AMES, Iowa -- Seizing on new data as fresh evidence of economic sluggishness, Republican challenger Mitt Romney said Friday that President Barack Obama inherited a bad situation when he took office and then "made the problem worse."
A Commerce Department report said growth from July through September was slightly faster than a 2 percent annual rate. Growth so far this year is slightly less than in 2011, which was weaker than 2010. Officials said the current annual rate is too slow to bring a rapid boost in job creation.
Meanwhile Friday, Obama looked ahead to the second term he's hoping to win and breaking the gridlock in Congress that marked the past two years.
Referring to the two top Republicans in Congress, the president said he was prepared to "wash John Boehner's car" or "walk Mitch McConnell's dog" if it would help complete an elusive deal to cut future deficits by trillions of dollars.
The two campaign rivals faced a common headache as the end of their race came into view: Hurricane Sandy, which could cause widespread disruptions into next week in battleground states from Virginia to New Hampshire. Romney and Vice President Joe Biden each canceled planned weekend appearances in Virginia Beach, Va.; Michelle Obama scrubbed a Tuesday appearance at the University of New Hampshire in Durham.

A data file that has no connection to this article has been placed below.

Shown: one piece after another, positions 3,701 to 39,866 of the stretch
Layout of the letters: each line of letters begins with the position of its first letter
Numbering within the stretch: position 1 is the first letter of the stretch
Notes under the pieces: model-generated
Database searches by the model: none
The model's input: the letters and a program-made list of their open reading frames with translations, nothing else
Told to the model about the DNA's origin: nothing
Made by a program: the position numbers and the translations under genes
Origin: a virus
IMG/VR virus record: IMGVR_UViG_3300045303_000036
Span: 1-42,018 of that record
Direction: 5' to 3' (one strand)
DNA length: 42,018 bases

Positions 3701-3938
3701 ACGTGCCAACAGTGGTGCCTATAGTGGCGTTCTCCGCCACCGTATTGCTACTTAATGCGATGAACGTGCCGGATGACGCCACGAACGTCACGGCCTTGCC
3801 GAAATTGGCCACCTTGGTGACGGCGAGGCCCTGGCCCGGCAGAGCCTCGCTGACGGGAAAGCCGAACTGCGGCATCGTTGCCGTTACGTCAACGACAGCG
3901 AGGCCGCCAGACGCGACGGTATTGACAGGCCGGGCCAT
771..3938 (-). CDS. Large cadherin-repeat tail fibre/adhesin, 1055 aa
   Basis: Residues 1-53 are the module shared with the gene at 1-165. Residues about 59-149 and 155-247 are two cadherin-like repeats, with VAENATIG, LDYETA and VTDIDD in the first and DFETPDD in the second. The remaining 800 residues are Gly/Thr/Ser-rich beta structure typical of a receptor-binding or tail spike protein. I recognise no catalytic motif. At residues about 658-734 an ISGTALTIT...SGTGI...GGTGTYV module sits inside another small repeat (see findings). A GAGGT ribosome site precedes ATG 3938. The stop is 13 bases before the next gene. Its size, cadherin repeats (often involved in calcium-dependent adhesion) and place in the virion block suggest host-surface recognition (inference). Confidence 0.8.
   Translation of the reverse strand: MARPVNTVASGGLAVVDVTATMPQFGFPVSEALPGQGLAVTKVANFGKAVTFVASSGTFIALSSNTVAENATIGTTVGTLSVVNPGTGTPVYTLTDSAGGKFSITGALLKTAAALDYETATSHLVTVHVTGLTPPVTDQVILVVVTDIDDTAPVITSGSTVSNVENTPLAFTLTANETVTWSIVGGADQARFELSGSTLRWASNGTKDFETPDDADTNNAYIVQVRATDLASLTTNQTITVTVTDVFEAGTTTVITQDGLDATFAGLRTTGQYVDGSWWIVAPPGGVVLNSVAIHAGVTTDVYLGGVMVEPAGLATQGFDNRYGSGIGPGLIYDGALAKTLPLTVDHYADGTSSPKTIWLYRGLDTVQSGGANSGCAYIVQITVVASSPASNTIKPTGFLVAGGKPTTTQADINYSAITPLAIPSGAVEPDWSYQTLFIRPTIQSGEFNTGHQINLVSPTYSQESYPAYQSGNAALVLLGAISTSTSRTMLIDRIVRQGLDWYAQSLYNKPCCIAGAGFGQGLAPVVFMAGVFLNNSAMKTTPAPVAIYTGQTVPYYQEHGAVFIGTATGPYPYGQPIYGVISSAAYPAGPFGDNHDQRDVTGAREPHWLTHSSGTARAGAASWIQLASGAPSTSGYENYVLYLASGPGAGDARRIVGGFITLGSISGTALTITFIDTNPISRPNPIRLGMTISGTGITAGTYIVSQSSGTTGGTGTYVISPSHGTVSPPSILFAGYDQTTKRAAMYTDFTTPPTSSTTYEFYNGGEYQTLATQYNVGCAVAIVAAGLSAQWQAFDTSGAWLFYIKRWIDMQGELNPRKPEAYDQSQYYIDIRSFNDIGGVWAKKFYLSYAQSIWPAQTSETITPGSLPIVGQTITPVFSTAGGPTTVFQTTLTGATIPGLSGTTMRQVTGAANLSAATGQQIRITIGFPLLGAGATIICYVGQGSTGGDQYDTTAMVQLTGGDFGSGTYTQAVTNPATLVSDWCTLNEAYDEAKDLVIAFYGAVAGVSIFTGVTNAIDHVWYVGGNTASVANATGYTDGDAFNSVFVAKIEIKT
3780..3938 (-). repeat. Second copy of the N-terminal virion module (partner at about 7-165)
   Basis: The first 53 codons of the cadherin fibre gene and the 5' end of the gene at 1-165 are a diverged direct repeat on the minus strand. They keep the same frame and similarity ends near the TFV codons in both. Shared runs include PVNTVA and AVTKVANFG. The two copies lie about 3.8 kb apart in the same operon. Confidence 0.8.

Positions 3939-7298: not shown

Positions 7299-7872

Romney was unsparing in his criticism of the man he hopes to unseat. "Despite all that he inherited, President Obama did not repair our economy; he did not save Medicare and Social Security; he did not tame the spending and borrowing; he did not reach across the aisle to bring us together," the former Massachusetts governor said.
"Four years ago, America voted for a post-partisan president, but they have seen the most political of presidents, and a Washington in gridlock because of it," he added.
Democrats delighted in pointing out that Romney spoke outside Kinzler Construction Services, which benefitted from more than $650,000 in stimulus funding from the 2009 package Obama that signed into law -- and which the Republican nominee often criticizes.
Back in the White House after a marathon campaign swing Wednesday and Thursday, Obama said he looked forward to trying to reach a deal with congressional Republicans on a sweeping budget deal if he wins re-election. Asked by radio show host Michael Smerconish if he would make the first move, the president replied, "I've said I'll do whatever's required to get this done.
"And I think the key that the American people want right now is for us to tackle some big challenges that we face in a common-sense, balanced, sensible way," he said.
That was a reference to one of Obama's biggest differences with Romney -- his insistence that tax cuts be allowed to expire at upper incomes on Dec. 31, as opposed to Romney's insistence that they be extended. With Politico